November 6, 2012 | by Jillian Steinhauer
Much has been said and written about New York Comic Con. It’s weird, it’s magical, it’s overwhelming, it’s hell on earth, it’s the best event in the world. If you’ve ever attended, it’s easy to see how all of these things could subjectively be true. Only one thing seems objectively true, however: Comic Con is utterly unique (unless you count San Diego Comic-Con, which seems to be the only comparable event in the United States, and which I’ve never attended).
Here is a list of things you can buy at Comic Con: the video game Just Dance 4, anime DVDs from Japan, K-pop posters, books titled How to Be Death and Victorian Sexual Positions, your zombie portrait drawn for $19.99, your superhero portrait photographed for $10, a steampunk corset, potions, comics-related earrings, sriracha-themed boxer briefs, “premium” (the seller’s word, not mine) hugs for $2, a photorealist painting of superheroes for $2,495, Nancy Drew manga, the Bible as manga, an autograph (free), and a picture of a girl dressed as hipster Hitler (also free).
One thing they don’t sell yet: strollers. But it’s only a matter of time. As a man I overheard on Sunday afternoon astutely observed, “Yo, they should sell strollers here! They’d make a killing.”
At Comic Con—and for many blocks north, south, and east of the Javits Center, which hugs the West Side Highway—you can see adults and children alike dressed up as Batman, Robin, Batgirl, Superman, Captain Marvel, Mario, Luigi, Transformers, and at least a hundred other characters I couldn’t identify. People attend discussion panels while painted blue or stroll the aisles in their underwear.Read More »
August 2, 2012 | by Jillian Steinhauer
In November 2010, ArtReview magazine published its annual Power 100, a list of the most powerful people in the art world. The highest-ranked living artist, coming in at number thirteen, was the Chinese artist and activist Ai Weiwei. Two months later, the Chinese government demolished Ai’s brand new, two-thousand-square-foot studio in Shanghai in one day—this despite the fact that officials had approved (and by some accounts invited) Ai’s plans for the studio, which took a year and almost a million dollars to build. Then, in April 2011, Chinese authorities took Ai into custody. Without announcing charges against him or when he would be released, they held him in detention for eighty-one days, during which time guards watched him constantly, even when he went to the bathroom or slept. He was released in June and, a few months later, charged with “economic crimes” and an accompanying bill of $2.4 million.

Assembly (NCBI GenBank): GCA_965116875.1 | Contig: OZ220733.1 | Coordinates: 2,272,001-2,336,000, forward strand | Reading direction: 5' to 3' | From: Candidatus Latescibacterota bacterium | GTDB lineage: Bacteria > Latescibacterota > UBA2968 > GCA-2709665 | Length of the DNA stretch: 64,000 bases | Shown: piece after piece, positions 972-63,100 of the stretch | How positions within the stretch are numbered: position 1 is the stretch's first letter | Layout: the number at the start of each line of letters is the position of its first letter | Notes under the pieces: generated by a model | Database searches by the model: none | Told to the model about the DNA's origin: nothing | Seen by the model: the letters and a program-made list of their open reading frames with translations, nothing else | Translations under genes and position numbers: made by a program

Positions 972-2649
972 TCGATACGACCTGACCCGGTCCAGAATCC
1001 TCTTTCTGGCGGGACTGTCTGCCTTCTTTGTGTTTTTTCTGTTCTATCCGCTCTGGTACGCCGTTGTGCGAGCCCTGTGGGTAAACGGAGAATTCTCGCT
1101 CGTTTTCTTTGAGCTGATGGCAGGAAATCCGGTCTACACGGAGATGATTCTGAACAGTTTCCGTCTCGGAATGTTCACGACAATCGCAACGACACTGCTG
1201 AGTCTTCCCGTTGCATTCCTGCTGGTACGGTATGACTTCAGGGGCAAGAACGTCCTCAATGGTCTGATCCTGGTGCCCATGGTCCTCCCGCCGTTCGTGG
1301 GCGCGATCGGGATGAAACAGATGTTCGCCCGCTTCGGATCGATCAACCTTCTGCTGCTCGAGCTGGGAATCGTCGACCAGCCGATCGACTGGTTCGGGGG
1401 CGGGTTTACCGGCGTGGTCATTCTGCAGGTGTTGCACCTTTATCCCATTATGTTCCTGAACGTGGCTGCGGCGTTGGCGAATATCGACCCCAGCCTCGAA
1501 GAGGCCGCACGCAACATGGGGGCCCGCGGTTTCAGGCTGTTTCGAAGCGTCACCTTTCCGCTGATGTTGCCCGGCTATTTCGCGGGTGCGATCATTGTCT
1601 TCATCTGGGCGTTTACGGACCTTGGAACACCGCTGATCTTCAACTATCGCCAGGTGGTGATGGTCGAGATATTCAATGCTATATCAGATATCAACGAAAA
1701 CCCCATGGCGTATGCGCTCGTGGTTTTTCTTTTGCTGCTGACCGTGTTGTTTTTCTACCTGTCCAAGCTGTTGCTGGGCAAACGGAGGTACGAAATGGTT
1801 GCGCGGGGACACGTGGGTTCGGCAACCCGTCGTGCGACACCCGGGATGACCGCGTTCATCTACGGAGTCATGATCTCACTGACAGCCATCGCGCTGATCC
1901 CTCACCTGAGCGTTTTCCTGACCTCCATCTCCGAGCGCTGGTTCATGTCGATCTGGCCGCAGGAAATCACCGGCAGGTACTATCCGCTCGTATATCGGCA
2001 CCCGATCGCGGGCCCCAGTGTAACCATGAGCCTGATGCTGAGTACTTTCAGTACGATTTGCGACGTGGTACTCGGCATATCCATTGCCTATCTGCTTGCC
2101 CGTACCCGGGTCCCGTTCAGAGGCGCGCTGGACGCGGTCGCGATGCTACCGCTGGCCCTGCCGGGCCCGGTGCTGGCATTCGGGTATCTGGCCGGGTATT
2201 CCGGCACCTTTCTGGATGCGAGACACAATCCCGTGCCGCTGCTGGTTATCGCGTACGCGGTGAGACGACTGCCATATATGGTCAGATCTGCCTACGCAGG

May 23, 2012 | by Jillian Steinhauer
We’re fascinated by artists who die young. Something about the unnaturalness of an early death gives us a kind of morbid thrill. We hail their genius, attracted by the mystery of the unknown (and unknowable). Maybe we’re envious—at least, the parts of us that seek fame and approval. For the dead, everything is fixed and frozen; there’s no more work and no more pressure to perform. Pore as we will over their output, what they’ve left behind in the world will never change.
Francesca Woodman was an artist who died young. She committed suicide, jumping from a window when she was twenty-two. I was thinking of waiting to tell you that, of trying to withhold the information until later in this essay, but the effort seemed futile: if you’re in art school, or read the New York Times, or have looked at the Guggenheim’s Web site lately, or even if you get the Skint, a daily New York events e-mail, you already know.
The Skint mention is particularly curious. Somehow, in a newsletter composed of brief, one-line descriptions of featured events, Woodman’s suicide merited inclusion: “Thru 6/13: 120 works of photographer francesca woodman (nsfw), who committed suicide at age 22 in 1981, go on display at the Guggenheim.” The implication seems to be that her suicide either makes her more interesting or more worthy of an exhibition.
May 7, 2012 | by Jillian Steinhauer
I’m sitting in an apartment in Jackson Heights, Queens. It’s a nice apartment, with decidedly un-Ikea furniture and mild-mannered art on the walls. It feels well kept but welcoming, gently used. The room I’m in is a classic New York living/dining-room combo, its zones delineated by, on the one hand, a multicolored wood table and, on the other, a sleek white couch.
The couch looks surprisingly comfortable, but I have no idea if it is; I’m sitting back-to-back with it, on a triangular block of foam. There’s a semicircle of these foam stools filling the room’s neutral territory and six people sitting with me. As we wait in awkward and anticipatory silence, I notice the sunlight streaming in from the windows. It glosses the shiny floors, which stay that way, I assume, because everyone who enters this apartment has been told to remove her shoes, just like in my home growing up.
I don’t know who lives here. According to a map the Guggenheim has given me, this is “Erin’s House.” Erin is nowhere to be found, but she has generously loaned out her living/dining room for a few weekends in April and May, for a project called Stillspotting. As its name implies, the project is a search for still spots—quiet spaces, moments of respite, refuge from chaos—in New York.